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Saturday, November 27, 2010

American Life 7

The Media Wedding

N 42° 19.241 W 071° 03.438.

Those are the GPS co-ordinates of the Blessed Mother Teresa of Calcutta Church in Boston’s historic Dorchester district, a working class neighborhood which the locals call “Dot.” Thing about Dot is that is this is the district where Boston Police have paid special attention with a view to combating crime. Among other initiatives, they have implemented a project called CAT, combating auto theft. Dot is not exactly on the tourist map but the church is lovely, well worth a visit. It has the first sculpture I’ve ever seen of Mother Theresa.

We were at the church on November 6 to celebrate the wedding of my favorite guy, my nephew Nikhil, a member of the Pereira family into which I married many years ago. The reason why the ceremony was held there, I think, is because Mother Theresa visited the Pereira home in Ahmedabad, India in 1983, when I was a mere child of a few…never mind! Just let’s say I was younger then than the groom, in his wedding regalia in 2010.

At that hallowed venue, Nikhil pledged his troth to Jillian, whose Sherlock family is like the Pereiras, large and fun loving. Slightly hung over from the party the previous evening, we filed into the church and took our appointed places. As the ceremony proceeded, I couldn’t help but marvel at the idea of a Goan-Irish wedding. Nikhil is Goan and Jillian comes from strong Irish stock. And it clicked as it did naturally; Goa stands in the same relationship to India as Ireland does to mainland Britain: similar culture, different lifestyles.

India usurped Goa from the Portuguese in 1961 without much fuss; Britain could only hold the northern part of Ireland and still faces problems. But the Sherlocks are from the Jersey shore; they’re as American as apple pie. Our family, which includes my wife, the sister of Nikhil’s dad, and our daughters, well-known fun lovers, certainly understands how to melt into the American pot. We lived in Chicago, where the Irish have held sway for decades; we even dye our river green, drink green beer and march in an embarassing parade on St Paddy’s Day.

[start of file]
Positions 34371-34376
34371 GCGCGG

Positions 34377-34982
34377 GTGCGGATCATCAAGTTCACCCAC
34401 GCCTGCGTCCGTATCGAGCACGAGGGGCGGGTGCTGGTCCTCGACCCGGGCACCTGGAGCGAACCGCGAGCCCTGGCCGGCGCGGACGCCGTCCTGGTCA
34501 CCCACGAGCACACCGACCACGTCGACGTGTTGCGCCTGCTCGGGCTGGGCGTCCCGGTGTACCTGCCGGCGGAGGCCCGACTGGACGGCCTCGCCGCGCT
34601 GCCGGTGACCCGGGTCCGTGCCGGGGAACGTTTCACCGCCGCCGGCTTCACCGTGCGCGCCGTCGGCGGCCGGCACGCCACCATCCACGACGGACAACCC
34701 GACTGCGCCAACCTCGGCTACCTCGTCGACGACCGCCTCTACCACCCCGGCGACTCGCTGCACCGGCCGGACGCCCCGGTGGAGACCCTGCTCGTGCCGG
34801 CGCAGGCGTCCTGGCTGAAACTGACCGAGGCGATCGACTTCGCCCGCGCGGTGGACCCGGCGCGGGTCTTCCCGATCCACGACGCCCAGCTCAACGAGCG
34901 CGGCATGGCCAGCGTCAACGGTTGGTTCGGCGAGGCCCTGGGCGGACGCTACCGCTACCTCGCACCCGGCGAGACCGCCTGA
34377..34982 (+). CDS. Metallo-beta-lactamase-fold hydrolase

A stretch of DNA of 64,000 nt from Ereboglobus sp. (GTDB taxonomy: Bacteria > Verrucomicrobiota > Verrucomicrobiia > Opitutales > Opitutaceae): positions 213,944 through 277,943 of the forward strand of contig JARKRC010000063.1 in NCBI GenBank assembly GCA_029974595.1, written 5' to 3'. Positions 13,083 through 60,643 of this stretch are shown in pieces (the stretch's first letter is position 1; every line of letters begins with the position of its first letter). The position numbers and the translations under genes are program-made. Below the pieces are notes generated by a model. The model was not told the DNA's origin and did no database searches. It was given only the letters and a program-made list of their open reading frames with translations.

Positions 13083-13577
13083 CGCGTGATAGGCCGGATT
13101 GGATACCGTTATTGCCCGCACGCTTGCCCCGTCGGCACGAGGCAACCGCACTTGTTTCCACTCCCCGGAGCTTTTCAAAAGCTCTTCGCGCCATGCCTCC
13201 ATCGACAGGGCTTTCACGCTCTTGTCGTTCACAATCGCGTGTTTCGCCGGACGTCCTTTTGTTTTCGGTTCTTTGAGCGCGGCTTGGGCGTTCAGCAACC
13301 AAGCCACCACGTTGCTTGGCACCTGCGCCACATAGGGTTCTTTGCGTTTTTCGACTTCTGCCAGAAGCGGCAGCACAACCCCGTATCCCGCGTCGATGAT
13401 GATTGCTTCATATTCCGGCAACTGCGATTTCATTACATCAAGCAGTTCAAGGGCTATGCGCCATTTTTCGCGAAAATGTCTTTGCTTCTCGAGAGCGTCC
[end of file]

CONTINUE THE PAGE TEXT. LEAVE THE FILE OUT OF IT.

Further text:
So there we were at the church, absorbed in the solemn ceremony that affirmed the Nik and Jill union. There was no choir but a priest, who sang in the voice divine. (Didn’t get your name, reverend, but if you ever give up your day job, you could be on the opera circuit.) It was all too beautiful, as the anthem to getting high sang in the sixties. Mind you, nobody, as far I could tell, had done spliffs; but then what do I know!

Not to digress …so the ceremony came to an end and I walked out the church door, there to be confronted by a battery of television crews, still photographers, reporters, cops and a general array of bystanders.

“Huh!” I said to myself. “I never notified the media. But how cool is this!” For the record, I run a public relations business and write columns for newspapers and magazines and Res Gestae, my blog, from whence this comes to you.

Anyway, so there I was, confronted by all the television cameras and what have you. My first instinct, honed from years in the media business, was to go up to them and say, “At this time, we have no comment.”

Actually, I didn’t say that because I had no idea what was going on until someone told me that a crazed psycho, brandishing a gun, had hijacked the bridesmaids’ limo. (So much for the Boston Police’s anti-auto theft program CAT.) For all my training as a journalist and my standing as veteran public relations professional, all I could say was: “Say what? Really, really, really?” So much for smooth articulation!

Crisis communications is for what I charge clients substantial sums of money; I train them to respond with gravitas and assuredness. And “Say what? Really, really, really?” is not among the responses I recommend. Also not “Jeez!” Or “What the **ck!” (That’s “heck.” Don’t want this piece to be “Banned in Boston.”)

The wedding made all the channels on the evening news and featured in all the major newspapers in Boston the next day; it even made the Daily Mail in London and, I’m told, the Guatemala media. I googled it to see if my smooth and suave response was quoted; mercifully the media had not picked up on my insightful comments.


Copyright Rajiv Desai 2010